On October 9, 2009 at 20:00 (EST) the world experienced its first multi-city live event that unbelievably included participation from the International Space Station. The event’s stated purpose was to raise awareness about issues related to earth’s most valuable resource- water. Guy Laliberte the founder of Cirque du Soleil and the One Drop Foundation, introduced the event called “Moving Stars and Earth for Water” and declared it as the first “Poetic Social Mission” while floating weightlessly aboard the Soyuz TMA-16 spacecraft. I have seen many of Laliberte’s Cirque performances which are well known for their dramatic mix of circus arts and street entertainment. Never before have I experienced an event that was so literally, out of this world.
Laliberte starts the event by claiming, “I am an artist not a scientist and that is the only way I can make a significant contribution to the mission and to raise awareness to water issues”. He then hooks our interest with a sobering statistic. A child dies every 8 seconds because of contaminated water. With the event now underway, we are welcomed into each of 14 cities (Montreal, Moscow, Santa Monica, New York City, Johannesburg, Mumbai, Marrakesh, Sydney, Tokyo, Tampa, Mexico City, Rio de Janeiro, Paris and London). Each city takes a unique approach to present the message artistically. One dances, one sings, Montreal showcases all that is Cirque and Mumbai takes a perfectly white set and lets adorable children hand-paint themselves blue. Some of the guests included former U.S. Vice President Al Gore, Dr. David Suzuki, Peter Gabriel, Shakira, Mathew McConaughey and even U2.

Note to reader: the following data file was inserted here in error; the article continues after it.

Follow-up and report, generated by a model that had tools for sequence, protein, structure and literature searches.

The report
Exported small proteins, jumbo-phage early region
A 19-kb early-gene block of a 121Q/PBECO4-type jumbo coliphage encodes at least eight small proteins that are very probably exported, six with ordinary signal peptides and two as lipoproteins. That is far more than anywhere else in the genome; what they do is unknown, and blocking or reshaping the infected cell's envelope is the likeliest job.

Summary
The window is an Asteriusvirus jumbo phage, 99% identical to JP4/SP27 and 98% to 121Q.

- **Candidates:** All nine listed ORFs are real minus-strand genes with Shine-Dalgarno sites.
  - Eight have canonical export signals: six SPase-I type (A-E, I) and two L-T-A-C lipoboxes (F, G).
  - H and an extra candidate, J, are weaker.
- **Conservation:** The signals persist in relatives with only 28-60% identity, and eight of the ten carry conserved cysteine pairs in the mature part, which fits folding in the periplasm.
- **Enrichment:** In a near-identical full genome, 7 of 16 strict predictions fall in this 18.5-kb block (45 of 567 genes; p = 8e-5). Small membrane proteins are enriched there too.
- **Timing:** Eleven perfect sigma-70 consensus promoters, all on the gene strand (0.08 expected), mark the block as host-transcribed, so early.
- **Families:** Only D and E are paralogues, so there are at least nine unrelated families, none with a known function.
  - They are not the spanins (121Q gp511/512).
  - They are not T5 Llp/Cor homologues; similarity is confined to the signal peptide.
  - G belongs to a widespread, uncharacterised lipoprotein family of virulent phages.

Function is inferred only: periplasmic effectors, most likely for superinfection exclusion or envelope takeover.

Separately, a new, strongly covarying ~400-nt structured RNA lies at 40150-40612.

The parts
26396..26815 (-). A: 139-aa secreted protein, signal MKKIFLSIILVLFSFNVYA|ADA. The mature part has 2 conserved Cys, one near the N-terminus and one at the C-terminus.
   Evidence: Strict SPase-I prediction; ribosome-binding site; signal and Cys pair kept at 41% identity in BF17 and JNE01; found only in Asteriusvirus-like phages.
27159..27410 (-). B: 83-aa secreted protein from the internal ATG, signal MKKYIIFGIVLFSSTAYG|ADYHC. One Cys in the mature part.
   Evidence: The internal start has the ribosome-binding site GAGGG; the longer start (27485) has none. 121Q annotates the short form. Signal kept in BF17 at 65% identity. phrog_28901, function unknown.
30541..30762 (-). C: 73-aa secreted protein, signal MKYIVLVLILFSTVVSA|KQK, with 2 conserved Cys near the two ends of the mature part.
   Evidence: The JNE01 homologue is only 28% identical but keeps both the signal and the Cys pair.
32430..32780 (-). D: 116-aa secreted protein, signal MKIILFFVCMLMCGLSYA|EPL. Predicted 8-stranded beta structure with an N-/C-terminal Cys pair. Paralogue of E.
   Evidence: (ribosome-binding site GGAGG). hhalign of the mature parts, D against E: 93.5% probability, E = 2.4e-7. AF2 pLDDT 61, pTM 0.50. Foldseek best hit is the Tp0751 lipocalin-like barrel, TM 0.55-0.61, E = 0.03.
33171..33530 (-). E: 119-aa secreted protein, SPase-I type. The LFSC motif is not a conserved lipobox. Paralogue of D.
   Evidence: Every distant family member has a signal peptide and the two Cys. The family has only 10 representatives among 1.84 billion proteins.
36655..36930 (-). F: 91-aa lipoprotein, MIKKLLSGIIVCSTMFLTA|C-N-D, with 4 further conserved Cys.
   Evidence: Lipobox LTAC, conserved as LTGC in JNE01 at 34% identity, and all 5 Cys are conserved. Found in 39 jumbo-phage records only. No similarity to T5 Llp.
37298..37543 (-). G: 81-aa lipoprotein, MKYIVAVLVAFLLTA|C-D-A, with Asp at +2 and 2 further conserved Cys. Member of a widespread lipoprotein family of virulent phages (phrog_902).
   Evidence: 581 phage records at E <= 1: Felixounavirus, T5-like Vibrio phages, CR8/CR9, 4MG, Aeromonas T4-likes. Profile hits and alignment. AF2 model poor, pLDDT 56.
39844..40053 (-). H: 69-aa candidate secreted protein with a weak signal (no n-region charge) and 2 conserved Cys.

The traditional definition of event marketing or experiential marketing is the face-to-face interaction between a brand and its audience via live events. The rationale is that when an attendee recalls the event experience they will make a positive association with the brand. This positive association will make them more inclined to take action, to make a purchase or to change behaviour. Did Guy Laliberte go to this expense and safety risk to selfishly promote his Cirque brand? Cirque is certainly quite visible during the event; including a spectacular acrobatic scene involving a wall of water and excerpts from the amazing Vegas performance of “O”. Or were his intentions genuinely to promote awareness of all things water? Watch it yourself on www.onedrop.org and make your own determination. I know that after my event experience, I’m committed to doing my part to make a difference. Thank you, Guy Laliberte for pushing the traditional boundaries of events. Who else would have ever thought of an event that included a clown in space?